Do You Nail Or Screw OSB Board In Place? (Explained)

So, you’ve decided your next project is going to involve building with OSB. But, you want to use a fastener that you can be sure will hold those boards in place… come rain or shine.

Now, your main fastener choices for OSB board pretty much boils down to using either screws or nails. But which one’s the right choice for your project?

You are best off using nails to fasten OSB boards into place. Not only are nails faster to install, they are less brittle and much stronger than screws too. And that shear strength comes in handy if those OSB boards will be bearing any load (such as structural panelling).

Now, having said that, screws still have one major advantage over nails. And that big advantage lies in their ability to secure OSB more tightly into place. Thanks to their corkscrew thread, screws don’t loosen as easily as nails do.

So, if that OSB board isn’t going to be used in any load-bearing structure, screws may be a better option.

Related Post: Why You Should Use OSB (Not Plywood) For Your Attic Floor

But, OSB boards can be fairly heavy (compared to other manufactured wood such as Plywood). In which case, the type of screw you use to fasten OSB needs to be one that is not fully threaded.

Referred to as ‘Partial Threaded Screws’, these screws don’t have a corkscrew thread all the way along their length.

Still feeling a little befuddled by it all? Well, not to worry, because we dive into this and more below…

Do You Nail Or Screw OSB Board In Place?

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OK, So Screws Or Nails For OSB Walls? Which One Should I Go For?

Your best option is dictated by your type of project:

For Load Bearing Projects (Walls, Subflooring, Roofing)

Stick to using nails on structural OSB.

It may take longer to hammer them into place, but the shear strength of nails gives them a big upper hand over screws.

Plus, if you use a quality nailer tool, you can easily cut that installation time in half.

Related Post: What Type Of Nailer Should I Use On Plywood?

For Non-Load Bearing Projects (Decorative Wall Panels)

You can use screws to position these OSB boards. The screws will fix them more tightly than nails.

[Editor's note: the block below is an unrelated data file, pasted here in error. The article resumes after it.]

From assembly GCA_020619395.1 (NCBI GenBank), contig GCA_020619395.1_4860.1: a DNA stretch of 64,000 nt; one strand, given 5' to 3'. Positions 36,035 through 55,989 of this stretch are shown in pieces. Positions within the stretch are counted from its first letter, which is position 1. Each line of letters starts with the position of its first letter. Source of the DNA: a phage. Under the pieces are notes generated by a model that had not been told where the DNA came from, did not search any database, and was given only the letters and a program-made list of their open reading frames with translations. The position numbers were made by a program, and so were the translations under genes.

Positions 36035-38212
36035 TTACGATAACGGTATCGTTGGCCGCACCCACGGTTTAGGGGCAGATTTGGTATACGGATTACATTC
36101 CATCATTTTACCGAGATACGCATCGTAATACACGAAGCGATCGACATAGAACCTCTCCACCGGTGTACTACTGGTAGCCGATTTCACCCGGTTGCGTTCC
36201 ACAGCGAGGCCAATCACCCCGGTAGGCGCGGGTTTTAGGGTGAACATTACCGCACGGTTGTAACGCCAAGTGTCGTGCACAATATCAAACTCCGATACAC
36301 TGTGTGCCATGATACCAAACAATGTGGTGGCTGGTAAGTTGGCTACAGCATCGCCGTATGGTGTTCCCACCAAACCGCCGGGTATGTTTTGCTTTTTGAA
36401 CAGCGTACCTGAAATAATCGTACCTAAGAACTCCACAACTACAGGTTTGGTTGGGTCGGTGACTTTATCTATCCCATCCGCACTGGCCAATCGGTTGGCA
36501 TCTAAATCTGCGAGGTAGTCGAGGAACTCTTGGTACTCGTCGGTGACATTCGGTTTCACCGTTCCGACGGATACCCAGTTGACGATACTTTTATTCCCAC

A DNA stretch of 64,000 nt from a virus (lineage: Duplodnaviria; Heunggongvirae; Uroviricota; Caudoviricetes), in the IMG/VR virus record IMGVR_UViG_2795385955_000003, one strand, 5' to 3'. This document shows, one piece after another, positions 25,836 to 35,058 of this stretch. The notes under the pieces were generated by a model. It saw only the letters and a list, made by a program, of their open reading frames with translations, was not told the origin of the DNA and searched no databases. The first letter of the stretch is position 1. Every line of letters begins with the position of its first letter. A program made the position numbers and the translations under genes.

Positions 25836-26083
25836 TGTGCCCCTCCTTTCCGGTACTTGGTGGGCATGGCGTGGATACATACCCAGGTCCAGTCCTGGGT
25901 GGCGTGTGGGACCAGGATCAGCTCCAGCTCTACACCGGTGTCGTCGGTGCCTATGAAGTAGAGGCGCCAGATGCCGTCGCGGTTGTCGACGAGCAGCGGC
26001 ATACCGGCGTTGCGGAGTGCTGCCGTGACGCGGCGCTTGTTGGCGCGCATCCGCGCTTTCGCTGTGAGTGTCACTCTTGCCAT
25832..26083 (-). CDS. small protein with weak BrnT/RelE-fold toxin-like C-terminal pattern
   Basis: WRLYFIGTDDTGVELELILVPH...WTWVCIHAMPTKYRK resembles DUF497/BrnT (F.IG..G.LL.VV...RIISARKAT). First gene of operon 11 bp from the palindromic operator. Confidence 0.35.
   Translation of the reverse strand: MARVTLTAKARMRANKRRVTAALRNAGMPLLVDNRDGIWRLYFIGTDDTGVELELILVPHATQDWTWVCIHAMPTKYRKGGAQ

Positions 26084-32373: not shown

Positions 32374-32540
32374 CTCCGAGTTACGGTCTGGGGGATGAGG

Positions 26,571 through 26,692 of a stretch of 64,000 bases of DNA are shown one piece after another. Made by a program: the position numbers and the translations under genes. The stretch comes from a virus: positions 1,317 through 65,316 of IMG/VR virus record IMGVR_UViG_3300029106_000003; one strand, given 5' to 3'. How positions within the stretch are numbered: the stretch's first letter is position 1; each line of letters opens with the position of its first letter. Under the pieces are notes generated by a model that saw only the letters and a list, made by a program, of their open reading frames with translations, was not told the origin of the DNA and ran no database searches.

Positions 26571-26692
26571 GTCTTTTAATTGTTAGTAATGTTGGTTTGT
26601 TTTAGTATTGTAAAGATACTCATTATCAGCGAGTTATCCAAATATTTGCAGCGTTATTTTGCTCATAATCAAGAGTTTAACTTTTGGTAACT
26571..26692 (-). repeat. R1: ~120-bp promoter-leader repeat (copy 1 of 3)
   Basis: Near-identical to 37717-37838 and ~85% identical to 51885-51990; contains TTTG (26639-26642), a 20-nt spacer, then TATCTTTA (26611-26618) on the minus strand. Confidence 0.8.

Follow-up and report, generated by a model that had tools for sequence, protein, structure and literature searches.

Now, decorative wall panels aren’t load bearing. However, that OSB board could still prove heavy enough to put a bit of strain on those screws.

So, you will need to use a specially designed type of screw called a Partial Thread Screw.

Image Of A Full Threaded Screw Vs A Partial Threaded Screw

The thread on these screws only partly make their way up the screws length, leaving a long shank leading to the head.

These screws give you the best of both worlds when it comes to nails vs screws. That long shank gives these screws much more shear resistance than a full threaded screw. While it’s thread-end gives its more grip and hold than a nail.

Do Screws Hold Better In OSB (Or Other Engineered Wood Like Plywood)?

Screws hold better, full stop. Their thread grips and tightens in a way that a nail simply cannot.

However, plywood specifically holds onto screws much better than OSB does, (thanks to plywood’s veneered layering).

And What Size Nails Are Used For Wall Sheathing?

If you are going to nail 7/16″ sized OSB sheathing, then you should use 6d common nails or 8d box nails.

A 6d common nail is 2 inches long with a thick shank that makes it a great all-rounder nail for general structural and construction jobs.

An 8d box nail is 2.5 inches long with a slender shank. And these nails are better at specialized jobs such as siding. However, they can still put wall sheathing in it’s place.

What Size Nails Should I Use For 7/16″ OSB Wall Sheathing? You should use 6d common nails or 8d box nails on this particular sized OSB sheathing.

Do You Nail Or Screw OSB Board In Place?

So To Sum Up…

OSB is widely used in construction because of its low cost and great structural versatility. And, most structural wood work typically involves placing wood boards into load-bearing positions.

So, if that is the case for your OSB boards, then you should opt to use nails (and skip over those screws).


Prediction of screw and nail withdrawal strength on OSB (oriented strand board) panels with fuzzy classifier.